Pat Conroy's Beach Music was recommended to me as a very funny story about brothers that are brutally sarcastic with each other. While it is, in fact, a story of five brothers to a large degree, there are so many other things going on that I often felt like I wished it would just get back to the brothers. That said, the story never really dragged, evidenced by the fact that I made it through the 767-page marathon.
Jack McCall returns home to say goodbye to his mother as she dies from cancer, and is forced to face a past he has willfully ignored since the suicide of his wife. His four rancorous brothers and their drunk of a father do everything they can to make his re-entry into the family difficult, while he copes with his former in-laws who challenged him for custody of his only daughter, a group of life-long friends destroyed by a tragic mistake, and the past that he blames for not allowing him to love his deceased wife enough and also led to her death.
Now you get why this novel is so damn long.
In all seriousness, I did feel Conroy dove into too many pasts in order to explain the death of Jack's wife, Shyla. The absolutely heartbreaking tales of the Holocaust that had been dumped on her as a child, however, were probably the most powerful things I've ever read on that part of history. The level of detail brought home the horror of it like nothing else in my experience.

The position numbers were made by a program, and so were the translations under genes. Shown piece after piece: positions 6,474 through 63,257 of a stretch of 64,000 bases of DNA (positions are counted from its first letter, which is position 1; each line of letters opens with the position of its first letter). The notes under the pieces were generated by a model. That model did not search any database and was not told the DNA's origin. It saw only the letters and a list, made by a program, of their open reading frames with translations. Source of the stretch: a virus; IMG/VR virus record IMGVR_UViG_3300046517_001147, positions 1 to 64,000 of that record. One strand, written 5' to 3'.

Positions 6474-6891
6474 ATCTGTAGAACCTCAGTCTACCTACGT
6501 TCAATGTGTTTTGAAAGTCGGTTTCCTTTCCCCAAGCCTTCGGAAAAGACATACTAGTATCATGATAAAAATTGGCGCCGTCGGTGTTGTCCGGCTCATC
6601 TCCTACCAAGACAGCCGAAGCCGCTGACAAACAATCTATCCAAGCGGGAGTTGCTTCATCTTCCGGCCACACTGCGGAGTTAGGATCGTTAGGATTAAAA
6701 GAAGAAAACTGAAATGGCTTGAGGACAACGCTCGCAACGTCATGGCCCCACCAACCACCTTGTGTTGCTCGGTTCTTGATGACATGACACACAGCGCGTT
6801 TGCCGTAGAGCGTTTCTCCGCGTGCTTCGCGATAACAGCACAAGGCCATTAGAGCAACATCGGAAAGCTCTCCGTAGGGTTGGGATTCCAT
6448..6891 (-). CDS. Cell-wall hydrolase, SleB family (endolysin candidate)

The problem for me came when he offered McCall's mother's past, that of another Holocaust survivor, and his childhood friend, Jordan, as well as a subplot surrounding the group. All written very well, it just felt like a bit too much for one novel.
Jack McCall, the first-person narrator, eventually became a bit too sweet to bare. Possibly I was just tired of reading the same voice for such a long time, but he had a touch of the holier-than-thou in him, and his desire to keep his daughter in a cocoon got a bit grating.
Again, expectations may have hurt my reading of the novel. Exchanges between the brothers were hilarious at times, and their story seemed to deserve more of the focus – not that I wanted more pages! The ending of the subplot was brought about in unique fashion, but may have been wrapped up too neatly. The main ending was truly emotional, and added the value you wanted all along to get to.
Beach Music has some of the best writing I've read since starting The Casual Critic, yet a lack of focus hurts it a bit. Still, it's worth reading.